For an open Senate race in a cycle where the majority is up for grabs, the West Virginia effort to replace the retiring Sen. Jay Rockefeller (D) has attracted little attention. This is largely due to the fact that Rep. Shelley Moore Capito (R-WV-2) is the only major announced candidate from either party. Considering how political events have unfolded here to date, the Mountaineer State contest appears to be the best Republican conversion opportunity in the country.
The biggest Democratic name who could still become a Senate candidate is Secretary of State Natalie Tennant. She has yet to enter the campaign, but is reportedly at the top of national Democratic recruitment lists for the state.
Testing a hypothetical Capito-Tennant pairing, R.L. Repass & Partners, a Charleston-based survey research organization, went into the field (Aug. 15-22; 400 registered West Virginia voters) and found a potentially close political battle. According to the results, Capito would lead Tennant only 45-40 percent, but certain methodology points need addressing and explaining.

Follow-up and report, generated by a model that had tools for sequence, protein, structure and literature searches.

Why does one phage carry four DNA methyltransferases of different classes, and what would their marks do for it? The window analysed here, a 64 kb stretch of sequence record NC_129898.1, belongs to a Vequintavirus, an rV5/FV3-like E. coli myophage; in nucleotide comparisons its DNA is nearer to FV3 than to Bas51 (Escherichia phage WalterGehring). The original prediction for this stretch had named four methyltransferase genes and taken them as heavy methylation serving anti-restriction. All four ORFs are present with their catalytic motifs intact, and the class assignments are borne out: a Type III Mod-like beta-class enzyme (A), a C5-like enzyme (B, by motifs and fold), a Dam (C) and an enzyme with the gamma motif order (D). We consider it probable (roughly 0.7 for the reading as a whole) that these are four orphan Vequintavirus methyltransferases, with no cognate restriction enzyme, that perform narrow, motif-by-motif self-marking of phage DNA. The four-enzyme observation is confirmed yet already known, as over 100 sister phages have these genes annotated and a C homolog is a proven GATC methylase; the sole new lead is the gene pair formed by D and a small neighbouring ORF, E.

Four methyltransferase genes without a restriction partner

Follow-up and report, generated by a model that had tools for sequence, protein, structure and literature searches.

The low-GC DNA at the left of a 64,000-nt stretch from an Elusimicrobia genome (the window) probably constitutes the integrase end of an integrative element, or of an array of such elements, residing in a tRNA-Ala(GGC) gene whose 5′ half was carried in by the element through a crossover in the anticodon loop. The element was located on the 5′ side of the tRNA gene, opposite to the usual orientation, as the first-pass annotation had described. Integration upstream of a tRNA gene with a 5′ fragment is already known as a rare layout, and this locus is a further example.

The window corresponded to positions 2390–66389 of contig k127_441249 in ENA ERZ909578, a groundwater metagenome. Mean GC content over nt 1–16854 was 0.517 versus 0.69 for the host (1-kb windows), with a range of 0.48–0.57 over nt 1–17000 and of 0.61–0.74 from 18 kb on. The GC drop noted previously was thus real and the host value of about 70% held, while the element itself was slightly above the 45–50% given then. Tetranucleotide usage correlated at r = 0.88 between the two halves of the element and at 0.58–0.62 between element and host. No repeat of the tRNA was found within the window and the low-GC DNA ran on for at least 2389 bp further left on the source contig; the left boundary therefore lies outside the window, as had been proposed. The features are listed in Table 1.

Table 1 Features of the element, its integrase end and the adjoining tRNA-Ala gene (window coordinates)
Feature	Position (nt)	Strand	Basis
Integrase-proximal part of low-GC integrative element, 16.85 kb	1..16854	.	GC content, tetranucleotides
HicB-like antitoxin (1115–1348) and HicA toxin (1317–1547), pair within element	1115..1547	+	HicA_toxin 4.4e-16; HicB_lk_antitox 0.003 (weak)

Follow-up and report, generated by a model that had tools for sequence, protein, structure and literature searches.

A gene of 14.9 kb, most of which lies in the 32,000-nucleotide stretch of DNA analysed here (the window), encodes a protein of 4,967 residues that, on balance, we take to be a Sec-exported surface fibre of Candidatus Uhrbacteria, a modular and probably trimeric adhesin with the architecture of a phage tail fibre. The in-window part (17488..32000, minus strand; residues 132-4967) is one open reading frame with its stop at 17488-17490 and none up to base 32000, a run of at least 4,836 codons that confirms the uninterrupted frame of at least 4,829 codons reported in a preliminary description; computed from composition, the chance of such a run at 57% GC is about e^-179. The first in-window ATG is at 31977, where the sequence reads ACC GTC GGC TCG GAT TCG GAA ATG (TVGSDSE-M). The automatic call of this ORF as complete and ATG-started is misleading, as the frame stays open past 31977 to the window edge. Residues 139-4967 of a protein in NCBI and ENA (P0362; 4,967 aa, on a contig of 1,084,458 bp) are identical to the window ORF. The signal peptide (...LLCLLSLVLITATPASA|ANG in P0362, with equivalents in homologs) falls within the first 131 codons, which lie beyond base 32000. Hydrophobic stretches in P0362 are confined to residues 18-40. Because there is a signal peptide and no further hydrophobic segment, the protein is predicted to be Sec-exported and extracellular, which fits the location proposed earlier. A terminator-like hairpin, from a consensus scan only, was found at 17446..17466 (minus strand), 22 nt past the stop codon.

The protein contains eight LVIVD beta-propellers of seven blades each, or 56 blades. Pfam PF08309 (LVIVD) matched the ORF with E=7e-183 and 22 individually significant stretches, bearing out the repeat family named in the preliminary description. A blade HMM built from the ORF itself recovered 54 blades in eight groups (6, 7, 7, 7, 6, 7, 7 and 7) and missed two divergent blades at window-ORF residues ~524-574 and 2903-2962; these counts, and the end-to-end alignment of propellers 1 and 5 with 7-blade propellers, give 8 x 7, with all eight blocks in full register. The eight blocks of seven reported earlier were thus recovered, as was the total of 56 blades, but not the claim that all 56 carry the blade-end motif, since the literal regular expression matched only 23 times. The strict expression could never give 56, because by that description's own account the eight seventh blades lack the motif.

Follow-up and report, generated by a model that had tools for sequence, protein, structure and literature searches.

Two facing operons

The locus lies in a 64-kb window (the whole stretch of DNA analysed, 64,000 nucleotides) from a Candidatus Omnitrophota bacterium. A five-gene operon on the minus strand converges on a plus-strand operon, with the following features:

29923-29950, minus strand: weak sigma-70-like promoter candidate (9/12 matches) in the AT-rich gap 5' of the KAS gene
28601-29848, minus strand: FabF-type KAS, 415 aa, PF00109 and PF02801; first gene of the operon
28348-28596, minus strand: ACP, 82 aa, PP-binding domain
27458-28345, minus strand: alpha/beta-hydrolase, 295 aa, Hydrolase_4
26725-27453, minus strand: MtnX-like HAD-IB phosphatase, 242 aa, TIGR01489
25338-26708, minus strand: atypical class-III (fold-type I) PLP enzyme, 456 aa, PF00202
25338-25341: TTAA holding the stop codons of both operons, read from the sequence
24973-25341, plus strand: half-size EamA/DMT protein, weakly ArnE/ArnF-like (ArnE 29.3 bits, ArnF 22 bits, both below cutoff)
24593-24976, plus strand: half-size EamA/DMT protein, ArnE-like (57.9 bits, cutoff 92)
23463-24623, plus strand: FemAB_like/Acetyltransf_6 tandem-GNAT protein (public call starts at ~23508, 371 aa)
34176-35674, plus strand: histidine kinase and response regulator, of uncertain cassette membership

First, the eight-day polling period is much longer than normal and tends to weaken reliability. Most pollsters attempt to complete the questioning process within three days.
Second, the sample size of 400 is slightly low for a statewide campaign, understanding that West Virginia is a small state. This, too, decreases reliability.
Third, according to local analysts, 53 percent of the polling sample self-identifies as college graduates, yet only 17 percent of the actual residents fit into that category using the 2010 US Census figures as the benchmark source.
Similarly, 54 percent of the polling respondents reported an annual income of greater than $50,000, while only 26 percent of statewide residents fall into that category.
How the skewing affects the ballot test remains to be seen. In the past two cycles, Republicans have fared poorly with college-educated voters so, at least on face value, such a skew probably improves Democrat Tennant’s polling standing. Likewise, when examining West Virginia voting behavior since 2000, skewing with a higher income sample also probably helps the Democrat candidate.
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